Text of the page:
Proudly telling the world about #generationIB in our 50th anniversary year
We invited IB Diploma Programme (DP) graduates to reflect on their lives and studies. Learn more about the IB Alumni Network at ibo.org/alumni.
by Ishanee Chanda
Bringing your IB skills into the world past high school graduation can take on many forms. Maybe you’ll find them in lurking in the depths of your brain while you’re trying to read a text for class that just doesn’t seem to make sense. Alternatively, you might feel them in your fingertips when you’re forced to crank out a handwritten six-page essay for a midterm exam in your hardest subject. And yet, the most common use of our newly minted critical thinking and analysis skills seems to be their application to the current events that provide context for our everyday lives, and, as of late, the news media that reports on them.
The first thing that is important to remember is that everybody has a bias. In DP English, we used to read through poems, essays, and novels and highlight tone words that clued us into the author’s emotions behind the page. Why is this information being presented in this way? What does it say about who’s writing it? My struggle to find a non-biased news source, especially in recent times has been unfruitful. These articles, this news, is being written by people who will always have an opinion. Good journalists and news channels will refrain from letting their opinions color their presentation of the facts, but nothing and no one can ever be completely objective. So how, you may ask, can you work around this?
When I came to college, I was told that critical thinking was something that would apply to every aspect of my life. It was to be used both inside the classroom and out…
Simply put, you never really can. That, however, should not stop you from trying. The IB taught me that the best way to find the neutral opinion is to read everybody else’s. Don’t just read the CNN story; read the FOX news reporting, the MSNBC, the New York Times, the Washington Post, BBC, and NPR. Be aware of the “fringe” news sites, otherwise known as the ones who live on either side of the ideology spectrum and boast about their position on the scale. Question the people who tell you that any news source is “fake” or “not real,” and wonder where their information is coming from. Most importantly, make your own decisions about what is “real” or not, and be willing to defend that position.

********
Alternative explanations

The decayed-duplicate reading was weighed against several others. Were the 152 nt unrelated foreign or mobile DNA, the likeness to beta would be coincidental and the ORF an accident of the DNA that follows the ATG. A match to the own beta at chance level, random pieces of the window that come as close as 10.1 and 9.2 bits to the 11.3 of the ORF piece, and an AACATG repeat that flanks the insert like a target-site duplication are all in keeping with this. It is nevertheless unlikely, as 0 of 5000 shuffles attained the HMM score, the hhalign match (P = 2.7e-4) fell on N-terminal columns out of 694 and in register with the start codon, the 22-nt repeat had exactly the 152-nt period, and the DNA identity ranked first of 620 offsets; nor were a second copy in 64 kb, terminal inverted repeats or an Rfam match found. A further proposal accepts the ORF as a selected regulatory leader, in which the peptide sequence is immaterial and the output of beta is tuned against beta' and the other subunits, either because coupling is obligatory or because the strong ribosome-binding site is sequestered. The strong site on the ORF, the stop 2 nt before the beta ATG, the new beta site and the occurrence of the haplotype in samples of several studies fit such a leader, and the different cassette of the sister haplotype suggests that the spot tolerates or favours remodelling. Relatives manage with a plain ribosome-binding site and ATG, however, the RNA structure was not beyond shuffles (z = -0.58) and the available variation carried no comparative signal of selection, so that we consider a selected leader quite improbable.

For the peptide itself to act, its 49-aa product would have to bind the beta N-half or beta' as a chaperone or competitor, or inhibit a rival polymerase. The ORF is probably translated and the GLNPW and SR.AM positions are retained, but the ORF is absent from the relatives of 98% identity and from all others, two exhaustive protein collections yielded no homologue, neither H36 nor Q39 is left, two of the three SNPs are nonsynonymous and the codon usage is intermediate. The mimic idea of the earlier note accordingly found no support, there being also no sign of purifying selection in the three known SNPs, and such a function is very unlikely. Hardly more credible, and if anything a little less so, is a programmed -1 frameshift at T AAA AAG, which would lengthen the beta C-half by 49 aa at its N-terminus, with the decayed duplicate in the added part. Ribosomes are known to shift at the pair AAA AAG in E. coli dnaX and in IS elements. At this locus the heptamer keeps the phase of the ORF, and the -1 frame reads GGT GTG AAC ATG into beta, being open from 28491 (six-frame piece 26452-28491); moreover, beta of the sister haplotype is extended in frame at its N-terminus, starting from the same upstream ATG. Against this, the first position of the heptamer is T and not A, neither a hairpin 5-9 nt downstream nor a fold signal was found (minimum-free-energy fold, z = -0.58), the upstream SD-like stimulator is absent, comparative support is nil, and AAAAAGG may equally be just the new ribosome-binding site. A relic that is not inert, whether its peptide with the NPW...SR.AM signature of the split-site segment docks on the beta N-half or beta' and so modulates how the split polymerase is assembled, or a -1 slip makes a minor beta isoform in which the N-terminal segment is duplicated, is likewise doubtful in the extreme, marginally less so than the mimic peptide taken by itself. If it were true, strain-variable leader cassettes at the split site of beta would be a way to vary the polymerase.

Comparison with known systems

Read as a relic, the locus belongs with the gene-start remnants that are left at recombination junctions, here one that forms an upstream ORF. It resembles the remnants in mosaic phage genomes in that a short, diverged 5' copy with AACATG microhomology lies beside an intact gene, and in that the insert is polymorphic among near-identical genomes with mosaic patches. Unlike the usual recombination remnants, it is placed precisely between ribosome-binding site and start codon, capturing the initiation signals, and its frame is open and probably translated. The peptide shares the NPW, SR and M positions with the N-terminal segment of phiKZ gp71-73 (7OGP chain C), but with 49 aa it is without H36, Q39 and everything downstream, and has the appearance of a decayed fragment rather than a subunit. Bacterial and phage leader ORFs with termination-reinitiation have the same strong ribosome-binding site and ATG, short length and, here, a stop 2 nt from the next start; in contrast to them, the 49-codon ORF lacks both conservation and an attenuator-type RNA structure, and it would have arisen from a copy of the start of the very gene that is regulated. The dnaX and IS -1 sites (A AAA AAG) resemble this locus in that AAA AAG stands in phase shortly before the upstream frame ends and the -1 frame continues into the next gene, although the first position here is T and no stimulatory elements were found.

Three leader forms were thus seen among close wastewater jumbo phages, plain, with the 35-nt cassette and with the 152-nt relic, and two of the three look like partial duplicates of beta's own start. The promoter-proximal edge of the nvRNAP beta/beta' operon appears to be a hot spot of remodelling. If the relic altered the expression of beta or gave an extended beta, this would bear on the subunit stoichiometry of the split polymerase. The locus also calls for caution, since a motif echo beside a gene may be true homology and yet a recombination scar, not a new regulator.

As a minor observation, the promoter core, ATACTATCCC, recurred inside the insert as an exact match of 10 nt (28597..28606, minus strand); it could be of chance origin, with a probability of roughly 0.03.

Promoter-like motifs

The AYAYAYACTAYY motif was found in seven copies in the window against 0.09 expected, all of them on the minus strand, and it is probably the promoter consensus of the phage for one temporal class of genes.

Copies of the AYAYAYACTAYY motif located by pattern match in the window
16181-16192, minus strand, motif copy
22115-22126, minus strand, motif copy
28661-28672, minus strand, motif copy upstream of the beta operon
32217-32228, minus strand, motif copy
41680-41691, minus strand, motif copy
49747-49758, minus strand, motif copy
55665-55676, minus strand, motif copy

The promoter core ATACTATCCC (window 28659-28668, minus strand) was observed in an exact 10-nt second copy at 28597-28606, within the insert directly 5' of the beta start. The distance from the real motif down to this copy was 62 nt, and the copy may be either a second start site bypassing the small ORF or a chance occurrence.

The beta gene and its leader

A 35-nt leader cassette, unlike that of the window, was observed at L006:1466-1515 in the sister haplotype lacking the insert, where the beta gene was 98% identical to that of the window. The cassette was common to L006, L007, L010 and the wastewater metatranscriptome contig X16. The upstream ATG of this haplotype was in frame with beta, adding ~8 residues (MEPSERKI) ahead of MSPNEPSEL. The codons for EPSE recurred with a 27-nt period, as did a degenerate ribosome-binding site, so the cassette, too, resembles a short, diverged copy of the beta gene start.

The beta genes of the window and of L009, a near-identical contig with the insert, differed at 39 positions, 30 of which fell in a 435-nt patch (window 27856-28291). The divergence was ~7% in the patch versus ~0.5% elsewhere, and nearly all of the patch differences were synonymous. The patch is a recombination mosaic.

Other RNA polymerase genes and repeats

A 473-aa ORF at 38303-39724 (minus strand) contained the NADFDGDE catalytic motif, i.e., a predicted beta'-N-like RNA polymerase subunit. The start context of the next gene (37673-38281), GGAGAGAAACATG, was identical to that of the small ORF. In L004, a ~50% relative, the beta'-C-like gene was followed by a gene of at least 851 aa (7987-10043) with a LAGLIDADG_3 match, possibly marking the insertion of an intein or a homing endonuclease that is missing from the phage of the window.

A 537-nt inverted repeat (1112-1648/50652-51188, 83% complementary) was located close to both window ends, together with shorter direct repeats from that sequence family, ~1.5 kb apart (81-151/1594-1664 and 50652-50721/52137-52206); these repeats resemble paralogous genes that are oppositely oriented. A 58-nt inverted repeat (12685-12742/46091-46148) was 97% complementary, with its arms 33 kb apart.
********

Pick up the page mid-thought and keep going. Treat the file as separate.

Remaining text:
When I came to college, I was told that critical thinking was something that would apply to every aspect of my life. It was to be used both inside the classroom and out, if only to form an educated opinion about something and fight for it. The IB’s mission statement claims that the program “aims to develop inquiring, knowledgeable and caring young people who help to create a better and more peaceful world through intercultural understanding and respect.” You’ve already done the work to become that inquiring, caring, young person. It’s now up to you to use that person to create that better and peaceful world. Make sure you have the best, most refined knowledge to beat that path for you along the way.
Ishanee Chanda is a graduating senior at Texas A&M University. Her passions revolve around helping those in need, shaping public policy, and studying the effects of politics on a sense of identity. She has also written for Thought Catalog and the Huffington Post.
Have a great story to tell? Write to firstname.lastname@example.org and learn more about the IB Alumni Network at ibo.org/alumni.